The Prime Minister also pledged that, despite the disintegration of the Czechoslovak state, Bratislava would continue to have close relations with the more prosperous Czech republic to the north-west, particularly in economic co-operation.
'It would be a great mistake to blame or to hold someone responsible (for the split),' Mr Meciar said. 'The federation is already the past. We should learn from the errors made while living together and develop and continue with what was positive.'
In Prague, Vaclav Klaus, the Czech Prime Minister, said that Czechs had not wanted the split, but had effectively been left no choice following the victory of the nationalist Mr Meciar in elections last June. Mr Klaus, too, stressed that both countries would continue to have close ties.
The ambivalent feelings over the break-up of Czechoslovakia, which was formed in 1918, were apparent in both Prague and Bratislava. Czech reluctance to let go of the Slovaks many regarded as errant younger brothers was reflected in the fact that there were no official celebrations marking the division at the stroke of midnight on new year's eve.
In Bratislava, however, despite the strong reservations similarly felt by many Slovaks, fears that the long-awaited proclamation of independence would be a damp squib proved unfounded.
As midnight approached, thousands gathered in the Square of Slovakia's National Uprising to watch the hoisting of the new flag accompanied by fireworks, the singing of Slovak national songs and impromptu waltzing to the 'Blue Danube' by Johann Strauss.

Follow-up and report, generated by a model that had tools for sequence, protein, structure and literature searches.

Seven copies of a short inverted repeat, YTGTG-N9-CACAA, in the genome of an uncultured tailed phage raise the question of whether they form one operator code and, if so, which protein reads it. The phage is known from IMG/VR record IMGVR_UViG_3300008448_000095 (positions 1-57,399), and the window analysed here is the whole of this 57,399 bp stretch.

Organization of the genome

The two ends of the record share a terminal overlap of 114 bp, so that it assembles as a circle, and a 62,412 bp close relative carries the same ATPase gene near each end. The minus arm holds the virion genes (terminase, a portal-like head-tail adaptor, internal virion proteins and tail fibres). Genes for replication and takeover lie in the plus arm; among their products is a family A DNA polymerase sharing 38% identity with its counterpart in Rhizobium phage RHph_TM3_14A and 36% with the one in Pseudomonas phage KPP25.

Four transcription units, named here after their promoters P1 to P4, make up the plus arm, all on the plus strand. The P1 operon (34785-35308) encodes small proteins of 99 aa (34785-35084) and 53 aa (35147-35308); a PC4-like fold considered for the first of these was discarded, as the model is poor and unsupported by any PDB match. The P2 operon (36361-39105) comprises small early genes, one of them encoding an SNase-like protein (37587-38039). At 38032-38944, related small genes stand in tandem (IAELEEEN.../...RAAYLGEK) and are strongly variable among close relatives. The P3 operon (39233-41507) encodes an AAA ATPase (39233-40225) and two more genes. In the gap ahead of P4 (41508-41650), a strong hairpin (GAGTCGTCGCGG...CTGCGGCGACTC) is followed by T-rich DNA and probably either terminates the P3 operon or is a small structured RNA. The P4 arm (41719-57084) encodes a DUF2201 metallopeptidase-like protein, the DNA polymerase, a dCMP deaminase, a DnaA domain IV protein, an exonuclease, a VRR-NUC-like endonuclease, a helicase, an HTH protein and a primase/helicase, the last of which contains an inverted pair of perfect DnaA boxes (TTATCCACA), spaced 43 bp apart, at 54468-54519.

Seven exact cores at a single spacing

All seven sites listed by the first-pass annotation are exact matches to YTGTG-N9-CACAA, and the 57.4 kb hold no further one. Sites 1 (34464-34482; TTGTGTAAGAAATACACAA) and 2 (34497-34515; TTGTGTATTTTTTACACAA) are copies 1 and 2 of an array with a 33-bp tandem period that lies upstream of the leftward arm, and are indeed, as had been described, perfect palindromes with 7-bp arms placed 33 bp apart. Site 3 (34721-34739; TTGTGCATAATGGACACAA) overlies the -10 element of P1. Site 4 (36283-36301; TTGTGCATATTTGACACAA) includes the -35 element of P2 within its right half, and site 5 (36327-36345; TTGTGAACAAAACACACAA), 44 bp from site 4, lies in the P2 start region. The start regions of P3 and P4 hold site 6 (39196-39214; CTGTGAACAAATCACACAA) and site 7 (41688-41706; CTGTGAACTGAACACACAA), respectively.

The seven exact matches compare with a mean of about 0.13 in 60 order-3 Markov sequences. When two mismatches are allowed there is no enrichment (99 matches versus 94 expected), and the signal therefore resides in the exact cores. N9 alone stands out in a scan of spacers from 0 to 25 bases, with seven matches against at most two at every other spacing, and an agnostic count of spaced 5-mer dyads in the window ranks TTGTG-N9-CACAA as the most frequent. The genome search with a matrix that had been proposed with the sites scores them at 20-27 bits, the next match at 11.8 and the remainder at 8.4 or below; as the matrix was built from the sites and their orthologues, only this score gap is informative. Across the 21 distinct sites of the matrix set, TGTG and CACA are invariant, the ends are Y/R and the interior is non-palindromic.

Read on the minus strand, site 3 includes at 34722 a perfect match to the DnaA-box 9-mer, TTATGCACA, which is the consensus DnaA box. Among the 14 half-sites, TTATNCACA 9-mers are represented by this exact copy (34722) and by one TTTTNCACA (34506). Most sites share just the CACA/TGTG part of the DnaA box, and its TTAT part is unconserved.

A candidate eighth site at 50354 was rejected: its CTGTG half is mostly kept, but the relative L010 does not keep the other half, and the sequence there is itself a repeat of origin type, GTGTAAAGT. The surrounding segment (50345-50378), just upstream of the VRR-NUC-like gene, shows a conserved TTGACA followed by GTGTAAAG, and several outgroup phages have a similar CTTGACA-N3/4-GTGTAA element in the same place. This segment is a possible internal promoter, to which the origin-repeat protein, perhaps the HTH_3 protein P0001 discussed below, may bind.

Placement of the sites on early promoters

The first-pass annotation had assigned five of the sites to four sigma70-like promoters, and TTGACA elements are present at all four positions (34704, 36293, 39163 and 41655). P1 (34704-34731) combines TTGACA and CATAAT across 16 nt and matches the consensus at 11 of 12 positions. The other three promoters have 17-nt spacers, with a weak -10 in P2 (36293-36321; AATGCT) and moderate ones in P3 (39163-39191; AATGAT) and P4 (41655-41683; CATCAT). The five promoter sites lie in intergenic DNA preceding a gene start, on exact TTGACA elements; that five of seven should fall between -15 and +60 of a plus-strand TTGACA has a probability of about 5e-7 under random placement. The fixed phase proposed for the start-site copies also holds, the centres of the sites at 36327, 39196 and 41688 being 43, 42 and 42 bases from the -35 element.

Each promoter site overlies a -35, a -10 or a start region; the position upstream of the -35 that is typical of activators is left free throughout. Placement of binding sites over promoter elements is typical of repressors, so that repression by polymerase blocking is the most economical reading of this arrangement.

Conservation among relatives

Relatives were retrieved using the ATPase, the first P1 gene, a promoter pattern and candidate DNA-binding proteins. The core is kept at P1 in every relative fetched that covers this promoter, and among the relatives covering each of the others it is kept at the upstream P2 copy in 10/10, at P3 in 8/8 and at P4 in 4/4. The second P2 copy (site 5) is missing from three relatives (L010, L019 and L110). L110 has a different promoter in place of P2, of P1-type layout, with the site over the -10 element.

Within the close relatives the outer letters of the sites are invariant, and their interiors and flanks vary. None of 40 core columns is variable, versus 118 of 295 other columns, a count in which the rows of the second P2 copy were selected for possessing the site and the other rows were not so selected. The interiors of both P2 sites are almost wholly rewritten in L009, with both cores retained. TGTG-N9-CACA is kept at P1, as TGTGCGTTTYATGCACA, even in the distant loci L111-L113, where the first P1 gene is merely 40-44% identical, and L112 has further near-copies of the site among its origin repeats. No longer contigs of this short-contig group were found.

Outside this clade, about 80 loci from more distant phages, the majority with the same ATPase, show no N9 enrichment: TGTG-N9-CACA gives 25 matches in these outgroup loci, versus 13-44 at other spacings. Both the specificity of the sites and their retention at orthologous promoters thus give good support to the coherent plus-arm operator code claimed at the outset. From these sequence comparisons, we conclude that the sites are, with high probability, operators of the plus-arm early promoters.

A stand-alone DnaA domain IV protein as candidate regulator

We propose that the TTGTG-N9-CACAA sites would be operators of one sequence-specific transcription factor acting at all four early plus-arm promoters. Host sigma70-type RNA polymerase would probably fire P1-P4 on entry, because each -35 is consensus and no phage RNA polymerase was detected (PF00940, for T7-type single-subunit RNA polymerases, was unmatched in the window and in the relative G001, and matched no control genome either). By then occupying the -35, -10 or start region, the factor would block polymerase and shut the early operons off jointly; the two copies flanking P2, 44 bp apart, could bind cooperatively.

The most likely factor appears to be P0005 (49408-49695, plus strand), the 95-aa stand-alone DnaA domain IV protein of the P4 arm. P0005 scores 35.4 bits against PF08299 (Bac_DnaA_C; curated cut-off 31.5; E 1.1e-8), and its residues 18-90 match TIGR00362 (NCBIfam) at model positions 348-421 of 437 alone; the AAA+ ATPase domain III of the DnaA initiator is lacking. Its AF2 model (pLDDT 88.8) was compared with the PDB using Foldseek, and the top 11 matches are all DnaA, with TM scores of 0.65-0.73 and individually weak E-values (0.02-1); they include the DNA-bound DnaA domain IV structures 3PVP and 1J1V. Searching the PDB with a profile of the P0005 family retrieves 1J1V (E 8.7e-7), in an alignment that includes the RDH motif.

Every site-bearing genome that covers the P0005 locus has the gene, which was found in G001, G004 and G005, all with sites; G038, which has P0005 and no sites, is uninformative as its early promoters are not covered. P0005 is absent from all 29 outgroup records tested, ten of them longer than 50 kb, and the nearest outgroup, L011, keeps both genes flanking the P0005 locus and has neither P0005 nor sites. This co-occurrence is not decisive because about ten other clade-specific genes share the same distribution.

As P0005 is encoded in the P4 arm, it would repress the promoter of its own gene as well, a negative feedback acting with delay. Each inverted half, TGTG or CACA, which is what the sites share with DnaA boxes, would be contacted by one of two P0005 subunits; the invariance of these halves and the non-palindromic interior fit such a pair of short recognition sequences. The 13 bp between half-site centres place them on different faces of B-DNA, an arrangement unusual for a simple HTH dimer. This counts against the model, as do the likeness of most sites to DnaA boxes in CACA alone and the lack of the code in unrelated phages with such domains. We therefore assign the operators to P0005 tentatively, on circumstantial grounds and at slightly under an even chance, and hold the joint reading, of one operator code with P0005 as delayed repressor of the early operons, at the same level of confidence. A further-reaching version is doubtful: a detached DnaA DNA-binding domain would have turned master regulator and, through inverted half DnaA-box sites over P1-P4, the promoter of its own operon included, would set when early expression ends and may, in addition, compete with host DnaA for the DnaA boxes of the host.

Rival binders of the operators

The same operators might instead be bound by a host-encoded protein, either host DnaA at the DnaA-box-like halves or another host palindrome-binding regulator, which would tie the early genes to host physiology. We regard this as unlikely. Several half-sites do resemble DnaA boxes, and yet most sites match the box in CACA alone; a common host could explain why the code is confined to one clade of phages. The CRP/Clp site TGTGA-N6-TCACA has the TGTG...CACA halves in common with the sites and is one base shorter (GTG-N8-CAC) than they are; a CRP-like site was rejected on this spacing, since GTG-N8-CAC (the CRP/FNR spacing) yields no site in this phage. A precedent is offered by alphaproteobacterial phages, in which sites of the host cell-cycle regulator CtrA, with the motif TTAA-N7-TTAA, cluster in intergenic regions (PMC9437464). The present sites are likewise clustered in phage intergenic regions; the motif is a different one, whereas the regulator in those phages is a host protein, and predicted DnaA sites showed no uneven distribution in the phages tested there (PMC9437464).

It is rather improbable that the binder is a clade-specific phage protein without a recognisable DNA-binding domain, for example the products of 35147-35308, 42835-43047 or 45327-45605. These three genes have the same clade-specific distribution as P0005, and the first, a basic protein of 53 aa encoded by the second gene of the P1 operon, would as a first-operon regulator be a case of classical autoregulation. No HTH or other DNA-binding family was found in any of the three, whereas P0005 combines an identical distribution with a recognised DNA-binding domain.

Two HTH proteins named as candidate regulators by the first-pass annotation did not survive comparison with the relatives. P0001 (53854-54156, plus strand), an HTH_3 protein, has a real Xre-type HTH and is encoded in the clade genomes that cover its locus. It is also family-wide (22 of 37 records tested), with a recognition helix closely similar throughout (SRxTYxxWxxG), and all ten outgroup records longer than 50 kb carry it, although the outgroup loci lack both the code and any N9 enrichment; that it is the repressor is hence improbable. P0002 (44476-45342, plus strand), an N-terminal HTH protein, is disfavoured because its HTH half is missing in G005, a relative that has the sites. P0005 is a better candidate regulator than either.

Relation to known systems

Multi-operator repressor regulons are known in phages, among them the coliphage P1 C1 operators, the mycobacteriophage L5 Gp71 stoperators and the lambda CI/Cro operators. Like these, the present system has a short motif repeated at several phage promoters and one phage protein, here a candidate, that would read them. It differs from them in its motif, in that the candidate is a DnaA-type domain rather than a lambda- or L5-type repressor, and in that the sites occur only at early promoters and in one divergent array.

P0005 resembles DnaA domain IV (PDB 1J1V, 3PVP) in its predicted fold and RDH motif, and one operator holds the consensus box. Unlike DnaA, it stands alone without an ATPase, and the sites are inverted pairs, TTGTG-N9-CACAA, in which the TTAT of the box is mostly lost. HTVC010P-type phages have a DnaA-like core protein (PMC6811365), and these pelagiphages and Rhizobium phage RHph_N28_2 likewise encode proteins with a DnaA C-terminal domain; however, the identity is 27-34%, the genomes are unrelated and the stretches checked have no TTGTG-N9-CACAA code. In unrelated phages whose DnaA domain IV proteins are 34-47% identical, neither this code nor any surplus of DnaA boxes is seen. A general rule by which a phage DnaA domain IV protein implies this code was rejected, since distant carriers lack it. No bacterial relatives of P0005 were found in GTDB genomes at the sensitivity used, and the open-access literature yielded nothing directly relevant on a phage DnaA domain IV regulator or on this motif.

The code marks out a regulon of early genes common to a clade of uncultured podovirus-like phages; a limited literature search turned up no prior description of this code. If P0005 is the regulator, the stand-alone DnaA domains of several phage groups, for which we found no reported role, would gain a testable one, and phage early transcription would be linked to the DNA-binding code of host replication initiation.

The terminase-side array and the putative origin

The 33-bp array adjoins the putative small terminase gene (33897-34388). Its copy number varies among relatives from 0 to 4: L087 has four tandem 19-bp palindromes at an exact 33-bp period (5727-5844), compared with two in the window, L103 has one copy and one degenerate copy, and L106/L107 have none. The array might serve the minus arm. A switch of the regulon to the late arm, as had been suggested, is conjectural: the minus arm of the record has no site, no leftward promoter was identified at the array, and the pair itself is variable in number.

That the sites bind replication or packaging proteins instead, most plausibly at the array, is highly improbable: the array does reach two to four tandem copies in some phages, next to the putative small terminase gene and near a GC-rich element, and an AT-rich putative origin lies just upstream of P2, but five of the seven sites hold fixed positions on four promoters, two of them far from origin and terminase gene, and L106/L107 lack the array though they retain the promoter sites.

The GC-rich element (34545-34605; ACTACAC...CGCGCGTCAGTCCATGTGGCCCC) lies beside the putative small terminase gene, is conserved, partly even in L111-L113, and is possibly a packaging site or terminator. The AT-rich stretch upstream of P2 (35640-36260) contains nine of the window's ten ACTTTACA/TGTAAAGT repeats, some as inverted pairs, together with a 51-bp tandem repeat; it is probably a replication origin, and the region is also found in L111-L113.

'This is a fantastic moment for us, a once-in-a-lifetime experience,' said John Novis, a Slovak living in Australia who had returned to share in the festivities. 'Nobody expects miracles overnight, but things must get better now that we have control over our own lives.'
Marina, a student sharing a bottle of sparkling wine with three friends, declared: 'They (my friends) will probably kill me for saying this but, yes, I am happy that we are finally independent. I am proud to be Slovak.'
Jubilation, coupled with hopeful expectation, was written large on the faces of nearly all those who had braved temperatures dipping to well below freezing point to join in the public celebration. But a somewhat sinister note was struck when ultra-nationalists leapt on to a hastily erected stage brandishing posters of Jozef Tiso, leader of the Nazi puppet state set up in Slovakia during the Second World War.
'There is no justification for drawing parallels between the Slovak state created then and that of today,' assured Mr Meciar at an eve-of-independence press conference. 'At that time, it was enforced upon us. Now it is based on the will of the people.'
Although not even his sternest critics would go so far as to compare Mr Meciar directly with Tiso, his authoritarian style of government since assuming office in June has already given rise to considerable concern.
With an economy which, by his own definition, is in a 'crisis' and an abrupt ending of federal budget subsidies, critics fear that, in order to divert attention from the scale of the problems, Mr Meciar's government will whip up tensions between Slovaks and the country's several ethnic minorities, particularly its 600,000-strong ethnic Hungarian community.
In his televised address yesterday, Mr Meciar called upon all 5.3 million citizens to unite in building up the country, promising equal rights for all. At the same time, he said he would seek to smooth relations with Hungary, which he has frequently accused of seeking to revive its border with Slovakia and of interfering in its internal affairs.
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